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    Rare militant attack in Pakistan’s capital kills 11

    Talks could fail if Taliban can’t corral factions

    A woman was comforted Monday near a morgue in Islamabad where
								bodies of the suicide attackers’ victims were taken.
    Muhammed Muheisen/Associated Press
    A woman was comforted Monday near a morgue in Islamabad where bodies of the suicide attackers’ victims were taken.

    ISLAMABAD — Two suicide bombers armed with grenades stormed Islamabad’s district court complex Monday morning, killing 11 people and wounding 29. It was the deadliest terrorist attack in years in Pakistan’s capital, which has been largely spared from violence.

    The attack occurred at 8:30 a.m. when the men, described by police as ‘‘professional terrorists,’’ entered the complex and began firing assault rifles and lobbing grenades at judges, lawyers, and residents gathered for civil-court proceedings.

    Witnesses said the men fired indiscriminately, creating panic in one of Pakistan’s safest and most heavily guarded cities.


    ‘‘Everyone was running to save their life, and it was a horrible scene,’’ said M. Yaseen, a 46-year-old trader who had gone to the courthouse to process paperwork. ‘‘I felt like I was watching a movie and this was not real.’’

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    The Pakistani Taliban denied responsibility for the rampage. But the violence underscored the difficulty of negotiations when numerous militant groups are operating in Pakistan. And it raised questions of whether the Taliban can control some of their factions that may oppose talks.

    The attack, which killed a district court judge, at least three attorneys, and the chief constable, occurred less than 24 hours after Pakistan’s government said it had to agreed to a one-month unconditional cease-fire with the Pakistani Taliban.

    The cease-fire was supposed to head off a Pakistani military operation against militant strongholds in northwest Pakistan and allow for the resumption of preliminary peace talks between Prime Minister Nawaz Sharif’s government and Taliban representatives. Instead, Sharif and the Pakistani military are once again being tested over how much bloodshed they are willing to accept in their hopes of reaching a negotiated peace agreement.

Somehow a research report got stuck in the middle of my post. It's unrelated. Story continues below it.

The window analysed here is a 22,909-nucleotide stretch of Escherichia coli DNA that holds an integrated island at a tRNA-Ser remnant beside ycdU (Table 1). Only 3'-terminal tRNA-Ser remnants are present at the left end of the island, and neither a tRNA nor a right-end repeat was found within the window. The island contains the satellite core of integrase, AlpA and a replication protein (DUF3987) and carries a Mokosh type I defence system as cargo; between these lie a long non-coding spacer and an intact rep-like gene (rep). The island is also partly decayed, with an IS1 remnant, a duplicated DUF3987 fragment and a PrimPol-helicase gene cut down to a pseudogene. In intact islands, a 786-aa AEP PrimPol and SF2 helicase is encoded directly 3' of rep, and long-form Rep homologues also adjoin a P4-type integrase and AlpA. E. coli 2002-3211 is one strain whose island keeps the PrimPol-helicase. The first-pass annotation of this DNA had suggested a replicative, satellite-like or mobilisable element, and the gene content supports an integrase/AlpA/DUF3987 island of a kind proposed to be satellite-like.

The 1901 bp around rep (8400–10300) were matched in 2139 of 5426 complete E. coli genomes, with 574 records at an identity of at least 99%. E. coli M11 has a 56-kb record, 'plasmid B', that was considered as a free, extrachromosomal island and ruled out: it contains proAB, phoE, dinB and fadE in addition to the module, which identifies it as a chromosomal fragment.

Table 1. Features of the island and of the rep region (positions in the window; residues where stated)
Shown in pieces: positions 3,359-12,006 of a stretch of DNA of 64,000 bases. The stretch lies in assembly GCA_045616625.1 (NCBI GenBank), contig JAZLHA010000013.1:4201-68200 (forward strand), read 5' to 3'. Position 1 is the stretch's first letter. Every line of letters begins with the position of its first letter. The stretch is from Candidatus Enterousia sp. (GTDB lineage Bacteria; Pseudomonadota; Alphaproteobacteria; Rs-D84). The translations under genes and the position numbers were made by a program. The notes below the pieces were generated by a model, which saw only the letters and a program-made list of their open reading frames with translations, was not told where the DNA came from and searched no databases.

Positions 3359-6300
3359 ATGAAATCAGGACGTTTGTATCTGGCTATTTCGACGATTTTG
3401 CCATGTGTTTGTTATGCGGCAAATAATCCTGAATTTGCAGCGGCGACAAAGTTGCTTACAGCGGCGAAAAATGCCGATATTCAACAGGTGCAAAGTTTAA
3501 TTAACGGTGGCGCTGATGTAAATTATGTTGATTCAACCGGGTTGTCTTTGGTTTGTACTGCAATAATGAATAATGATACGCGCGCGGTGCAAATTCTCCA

The assault on the court complex lasted 45 minutes and ended only after the gunmen blew themselves up in front of a courtroom.


    The dead included Rafaqat Awan, a prominent district court judge. Shabir Hussain, 30, a lawyer, said he saw the gunmen shoot and kill Awan.

    ‘‘They were very calm and composed and seemed to be well-trained militants,’’ said Hussain. ‘‘We heard people crying all around, lawyers lying injured on the ground with blood around them.’’

    While Taliban leaders quickly distanced themselves from the attack, a former faction of the group called Ahrar ul Hind claimed it carried out the attack to show its displeasure with the peace process.

    ‘‘Our fight will continue,’’ Asad Mansoor, a spokesman for the group, said in an interview. ‘‘We will carry on attacks on urban areas, police, and markets until there is the complete imposition of sharia law.’’

    Analysts said that although some members of the Pakistani Taliban may want to negotiate a peace deal, other factions or militant groups do not.


    Interior Ministry’s Chaudhry Nisar Ali Khan, speaking in Parliament after the attack, called on the Taliban to distance themselves from the renegade groups and help bring the planners of the attack to justice, the Associated Press reported.

    Before declaring it would halt airstrikes, Pakistan had targeted militants and foreign fighters near Afghanistan, as well as in Khyber Pakhtunkhwa province.

    The airstrikes began after a faction of the Taliban executed 23 Pakistani soldiers who had been held captive since 2010.

    Pakistani officials and analysts had predicted that the airstrikes would be quickly followed up by a major military ground assault aimed at dislodging militants affiliated with the Pakistani Taliban, the Haqqani network, and Al Qaeda. But just when it appeared that a ground offensive could be imminent, the Pakistani Taliban said Saturday it wanted a one-month cease-fire with government forces.

    With more than 40 militant groups believed to operate inside Pakistan, analysts say Pakistan’s government faces a daunting challenge in trying to secure the country through a negotiated settlement.

    ‘‘There are forces who don’t want this process to proceed,’’ said Imtiaz Gul, a Pakistani security analyst.

    In a report submitted to the National Assembly last week, the Interior Ministry said 900 people have been killed in more than 1,700 attacks across Pakistan in the past six months.

    Although there was a spate of attacks in Islamabad from 2006 to 2009, including the 2008 bombing of the Marriott Hotel that killed 52 people, the city has been relatively secure in recent years.